[0036] As a result of the anodization, the anodized layer 25 has pin holes or otherwise sized apertures defined therein. The apertures (e.g., pin holes) in anodized layer 25 may or may not extend all the way through the layer 25 to electrode 23 in different embodiments of this invention. The top electrode 27 is not continuous, as when it is deposited it overlies the solid portion of anodized layer 25 and does not cover or fill in all the apertures in anodized layer 25. Water can seep into the pin holes in the anodized layer, and form ice. When voltage is applied (AC or DC) between electrodes 23 and 27, the water and/or ice in the holes of anodized layer 25 completes a circuit. This causes the ice adhesion strength to be reduced, starting in the holes and proceeding outwardly to the interface of the ice with the ice removal structure top electrode.

[0037] By applying or sustaining a DC voltage (e.g., 10-20 volts) or low frequency AC (30-60 Hz or 15-20 kHz in some cases) between the top and bottom electrodes 23, 27, the ice adhesion strength can be reduced as described above. In certain instances, gas bubbles are produced at the ice/metal interface. Even though the gas bubbles cover a small fraction of the interface, they act to significantly reduce the interfacial strength of the ice to the metal oxide of the top electrode. As in earlier embodiments of this invention, it is possible in certain instances to provide a protective layer 11 including DLC over the structure as shown in FIG. 7. When DLC inclusive layer 11 is ion beam deposited, it need not fill in all the pin holes in layers 25, 27 in view of the ion beam deposition technique used to form the DLC. This protective layer 11, instead of DLC, may include nickel chrome oxide or any other suitable protective material.

[0038] While the invention has been described in connection with what is presently considered to be the most practical and preferred embodiment, it is to be understood that the invention is not to be limited to the disclosed embodiment, but on the contrary, is intended to cover various modifications and equivalent arrangements included within the spirit and scope of the appended claims.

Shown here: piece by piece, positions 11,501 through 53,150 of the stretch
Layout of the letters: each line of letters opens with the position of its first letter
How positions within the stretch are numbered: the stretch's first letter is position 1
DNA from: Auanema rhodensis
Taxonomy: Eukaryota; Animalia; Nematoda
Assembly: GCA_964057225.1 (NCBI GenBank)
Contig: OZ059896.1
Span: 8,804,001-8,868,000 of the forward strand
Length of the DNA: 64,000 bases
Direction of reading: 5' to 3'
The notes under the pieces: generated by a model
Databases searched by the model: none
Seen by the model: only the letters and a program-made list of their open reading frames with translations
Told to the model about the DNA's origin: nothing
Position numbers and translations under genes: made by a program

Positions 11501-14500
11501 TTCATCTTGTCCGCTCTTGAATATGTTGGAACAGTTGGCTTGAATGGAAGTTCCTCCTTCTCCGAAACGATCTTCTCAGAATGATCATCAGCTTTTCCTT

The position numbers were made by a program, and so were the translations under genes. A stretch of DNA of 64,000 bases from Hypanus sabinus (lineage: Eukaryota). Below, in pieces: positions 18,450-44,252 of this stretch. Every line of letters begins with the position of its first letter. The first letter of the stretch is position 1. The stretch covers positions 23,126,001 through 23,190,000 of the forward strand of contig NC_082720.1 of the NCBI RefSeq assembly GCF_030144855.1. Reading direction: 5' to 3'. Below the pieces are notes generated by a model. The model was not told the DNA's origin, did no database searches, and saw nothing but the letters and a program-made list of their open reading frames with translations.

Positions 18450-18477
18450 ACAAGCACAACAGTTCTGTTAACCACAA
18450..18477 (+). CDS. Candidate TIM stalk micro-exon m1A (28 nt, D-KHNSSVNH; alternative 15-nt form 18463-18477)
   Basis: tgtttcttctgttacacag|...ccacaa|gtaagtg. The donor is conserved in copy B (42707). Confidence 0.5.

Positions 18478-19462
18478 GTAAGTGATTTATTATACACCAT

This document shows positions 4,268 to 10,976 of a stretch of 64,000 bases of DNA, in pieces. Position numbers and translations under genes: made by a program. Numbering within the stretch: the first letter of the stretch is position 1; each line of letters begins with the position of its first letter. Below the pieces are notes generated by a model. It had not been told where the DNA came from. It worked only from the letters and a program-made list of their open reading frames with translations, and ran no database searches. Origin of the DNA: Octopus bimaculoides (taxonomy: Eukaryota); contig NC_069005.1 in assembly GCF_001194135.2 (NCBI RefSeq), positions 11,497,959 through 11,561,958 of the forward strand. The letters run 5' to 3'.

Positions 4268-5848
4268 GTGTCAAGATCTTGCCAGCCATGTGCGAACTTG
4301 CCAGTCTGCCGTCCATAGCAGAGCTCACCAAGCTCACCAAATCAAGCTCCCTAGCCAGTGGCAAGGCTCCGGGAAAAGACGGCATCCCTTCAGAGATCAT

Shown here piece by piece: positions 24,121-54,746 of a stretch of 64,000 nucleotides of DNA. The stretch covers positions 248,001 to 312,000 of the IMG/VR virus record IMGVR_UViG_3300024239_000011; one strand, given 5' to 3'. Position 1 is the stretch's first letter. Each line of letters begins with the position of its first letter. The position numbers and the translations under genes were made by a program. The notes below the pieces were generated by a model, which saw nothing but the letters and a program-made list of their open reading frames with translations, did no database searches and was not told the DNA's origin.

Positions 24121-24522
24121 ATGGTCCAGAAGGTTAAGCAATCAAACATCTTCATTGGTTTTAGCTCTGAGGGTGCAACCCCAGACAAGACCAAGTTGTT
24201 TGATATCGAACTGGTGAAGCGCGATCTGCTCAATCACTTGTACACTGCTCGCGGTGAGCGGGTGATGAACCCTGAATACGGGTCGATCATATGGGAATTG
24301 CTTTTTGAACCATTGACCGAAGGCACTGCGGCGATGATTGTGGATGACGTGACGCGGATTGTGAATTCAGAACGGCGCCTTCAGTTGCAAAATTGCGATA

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US7323258 *Sep 23, 2004Jan 29, 2008Kabushiki Kaisha ToshibaMagnetic recording medium and method for manufacturing the same
US7740961May 16, 2006Jun 22, 2010Kabushiki Kaisha ToshibaMagnetic recording medium
US7851288 *Jun 8, 2007Dec 14, 2010International Business Machines CorporationField effect transistor using carbon based stress liner
US8025941Dec 1, 2005Sep 27, 2011Guardian Industries Corp.IG window unit and method of making the same
US8049993Mar 12, 2008Nov 1, 2011Kabushiki Kaisha ToshibaMagnetic recording medium and magnetic storage device
WO2007064450A2 *Nov 7, 2006Jun 7, 2007Guardian IndustriesIg window unit and method of making the same
Classifications
U.S. Classification428/408, 428/433, 428/432, 428/209
International ClassificationC23C14/22, B32B17/10, B60S1/02, C23C14/06
Cooperative ClassificationC23C14/0605, B32B17/10036, C03C2218/355, C23C14/221, C23C14/225, B32B17/10174, B60S1/026, B32B17/10761
European ClassificationB32B17/10E10, C23C14/06B, C23C14/22D, B60S1/02B2, C23C14/22A, B32B17/10G28, B32B17/10C4
Legal Events
DateCodeEventDescription
Jan 21, 2013FPAYFee payment
Year of fee payment: 8
Jan 20, 2009FPAYFee payment
Year of fee payment: 4
Jul 9, 2002ASAssignment
Owner name: GUARDIAN INDUSTRIES CORP., MICHIGAN
Free format text: ASSIGNMENT OF ASSIGNORS INTEREST;ASSIGNORS:VEERASAMY, VIJAYEN S.;THOMSEN, SCOTT V.;REEL/FRAME:013079/0924;SIGNING DATES FROM 20020627 TO 20020628
Owner name: GUARDIAN INDUSTRIES CORP. 2300 HARMON ROADAUBURN H
Free format text: ASSIGNMENT OF ASSIGNORS INTEREST;ASSIGNORS:VEERASAMY, VIJAYEN S. /AR;REEL/FRAME:013079/0924;SIGNINGDATES FROM 20020627 TO 20020628